In MDR7 we started to undress the myth that marriage had a lifetime warranty, and we looked into 4 places in the Bible who seem to support this view; Mat.19: 6, Mat. 19: 9, Mat. 19: 5-6 and Eph. 5:32. I also said that there are two (2) passages that seem to support that only death can end marriage. These is what we are going to deal with in this post, which is slightly shorter than previous one we’ve been through in the past (a relief for some :))
This two text that seem to speak about that only death could end marriage, is taken from the Rom. 7 and 1. Cor. 7. This texts actually does not mention divorce at all, but they talk about it anyway. ??? How is it possible to talk about something that is not mentioned?
We call this for ‘silent arguments’. Both texts seem to say that only death can end the marriage. What we must ask ourselves is whether the ‘silence’ of divorce is surprising and significant – eg. the absence of divorce in these texts, suggests that marriage can not end through divorce. Let’s start with Rom. 7: 1-4.
Or do you not know, brethren (for I am speaking to those who know the law), that the law has jurisdiction over a person as long as he lives? 2 For the married woman is bound by law to her husband while he is living; but if her husband dies, she is released from the law concerning the husband. 3 So then, if while her husband is living she is joined to another man, she shall be called an adulteress; but if her husband dies, she is free from the law, so that she is not an adulteress though she is joined to another man. 4 Therefore, my brethren, you also were made to die to the Law through the body of Christ, so that you might be joined to another, to Him who was raised from the dead, in order that we might bear fruit for God. (Romans 7:1-4)
It is not surprising that divorce is not mentioned here. The silence of divorce is present and it is not surprising. Why is this not unexpected? Because the context of this text is not about to end a marriage through divorce. The context shows no violation of matrimonial conditions that can dictate a divorce can or will happen.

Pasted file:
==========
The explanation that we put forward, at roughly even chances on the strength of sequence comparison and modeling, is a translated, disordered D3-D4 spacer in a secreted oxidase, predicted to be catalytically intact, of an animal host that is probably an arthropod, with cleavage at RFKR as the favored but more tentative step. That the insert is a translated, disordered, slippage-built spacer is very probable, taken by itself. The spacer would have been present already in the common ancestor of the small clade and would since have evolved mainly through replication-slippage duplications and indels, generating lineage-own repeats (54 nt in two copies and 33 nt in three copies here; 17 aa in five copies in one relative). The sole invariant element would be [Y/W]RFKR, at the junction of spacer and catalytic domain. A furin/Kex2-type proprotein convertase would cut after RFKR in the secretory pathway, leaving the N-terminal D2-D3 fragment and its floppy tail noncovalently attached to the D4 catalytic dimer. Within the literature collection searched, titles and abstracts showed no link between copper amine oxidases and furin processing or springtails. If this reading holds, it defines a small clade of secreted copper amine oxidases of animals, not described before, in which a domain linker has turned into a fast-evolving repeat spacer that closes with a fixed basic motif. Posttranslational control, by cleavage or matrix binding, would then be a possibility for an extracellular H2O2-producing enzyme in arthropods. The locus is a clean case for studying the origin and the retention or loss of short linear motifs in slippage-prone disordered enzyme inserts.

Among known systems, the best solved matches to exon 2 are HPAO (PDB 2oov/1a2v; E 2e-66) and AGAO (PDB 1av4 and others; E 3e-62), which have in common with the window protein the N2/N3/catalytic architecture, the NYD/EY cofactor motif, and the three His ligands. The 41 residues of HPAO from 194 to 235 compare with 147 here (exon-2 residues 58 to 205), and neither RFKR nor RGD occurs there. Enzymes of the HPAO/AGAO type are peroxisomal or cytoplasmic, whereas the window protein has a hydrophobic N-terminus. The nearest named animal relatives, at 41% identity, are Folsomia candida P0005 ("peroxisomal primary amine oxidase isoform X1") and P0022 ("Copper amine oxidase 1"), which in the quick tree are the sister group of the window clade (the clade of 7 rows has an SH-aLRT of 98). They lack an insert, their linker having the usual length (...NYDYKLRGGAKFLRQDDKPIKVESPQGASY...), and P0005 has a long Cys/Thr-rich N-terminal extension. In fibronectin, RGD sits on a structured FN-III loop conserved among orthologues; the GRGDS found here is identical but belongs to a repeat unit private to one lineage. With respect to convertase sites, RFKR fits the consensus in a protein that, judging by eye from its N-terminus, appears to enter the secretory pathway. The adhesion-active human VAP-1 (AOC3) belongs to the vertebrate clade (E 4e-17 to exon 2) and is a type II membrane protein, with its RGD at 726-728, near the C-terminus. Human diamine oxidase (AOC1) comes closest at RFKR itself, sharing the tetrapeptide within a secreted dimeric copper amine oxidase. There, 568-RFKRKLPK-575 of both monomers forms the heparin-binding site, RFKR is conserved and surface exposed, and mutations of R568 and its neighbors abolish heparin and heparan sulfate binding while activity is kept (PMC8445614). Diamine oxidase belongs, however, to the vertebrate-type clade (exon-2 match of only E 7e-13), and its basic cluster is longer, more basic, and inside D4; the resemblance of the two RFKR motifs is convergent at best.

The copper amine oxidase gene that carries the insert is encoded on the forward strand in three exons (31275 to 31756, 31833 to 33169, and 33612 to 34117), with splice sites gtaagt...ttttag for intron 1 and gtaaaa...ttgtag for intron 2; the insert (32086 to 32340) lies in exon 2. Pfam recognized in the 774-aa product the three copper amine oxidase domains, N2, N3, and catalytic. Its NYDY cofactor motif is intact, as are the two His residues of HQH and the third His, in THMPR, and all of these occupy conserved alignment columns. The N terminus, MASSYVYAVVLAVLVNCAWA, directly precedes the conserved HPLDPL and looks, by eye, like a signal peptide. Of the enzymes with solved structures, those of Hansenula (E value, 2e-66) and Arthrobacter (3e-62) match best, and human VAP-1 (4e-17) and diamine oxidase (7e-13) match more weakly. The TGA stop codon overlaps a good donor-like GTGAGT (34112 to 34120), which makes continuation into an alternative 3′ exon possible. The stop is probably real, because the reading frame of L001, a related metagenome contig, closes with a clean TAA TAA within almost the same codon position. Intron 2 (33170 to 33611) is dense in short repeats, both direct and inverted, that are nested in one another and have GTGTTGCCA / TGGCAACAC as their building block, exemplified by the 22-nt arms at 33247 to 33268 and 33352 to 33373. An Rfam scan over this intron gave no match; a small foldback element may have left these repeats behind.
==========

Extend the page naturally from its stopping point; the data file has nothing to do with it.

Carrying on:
Let’s summarize the verse as follows:
“Men are linked to the law of Moses until they die, just as a wife is bound to her husband unto death. If she went with another man, it would be infidelity, well, not if the man was dead of course. Therefore, God let you die with Christ to set you free to marry Christ.”
Paul compares Jews (v.1: “I am speaking to those who know the law”) relation to the law with a woman’s relationship to her husband. Perhaps we must be Jew to understand this better, but a Jewish believer is like one who are married to the law. The law is a very demanding perfectionist, who can never be satisfied. The Jewish believing woman meets Christ and falls in love with him, but she can not marry him, because if she did she would commit adultery. All she can do is to wait until her marriage ends through death. But her husband – the law – is eternal, so her waiting, is in other words, totally hopeless and futile. The wondrous hope Paul here gives is that Christ died for her and she has died with Christ, therefore her marriage with her husband (the law) ended through death – her death – and now she is free to marry Christ.
This is a wonderful picture of Christ’s love and death, a paragraph that tells us about the glorious salvation, and it would therefore not be expected to teach us about divorce and remarriage, just like the parable of the sower is not expected to teach us about agriculture.
The woman in this story is thinking that her marriage can only end through death, which could imply that marriage can not end through divorce or abandonment. For how could her marriage to the law end in ways that violations of giving care and love? The law would never leave her or break any of their marriage vows in any way that would have led to divorce, because, by being the law itself he would followed the law to the last letter. The whole concept of divorce or being abandoned is completely out of the picture in this scripture. No one who reads this would expect that Paul would mention divorce, or be astonished by its (divorce) absence. This whole illustration would collapse to absolutely nothing if divorce or abandonment was mentioned here.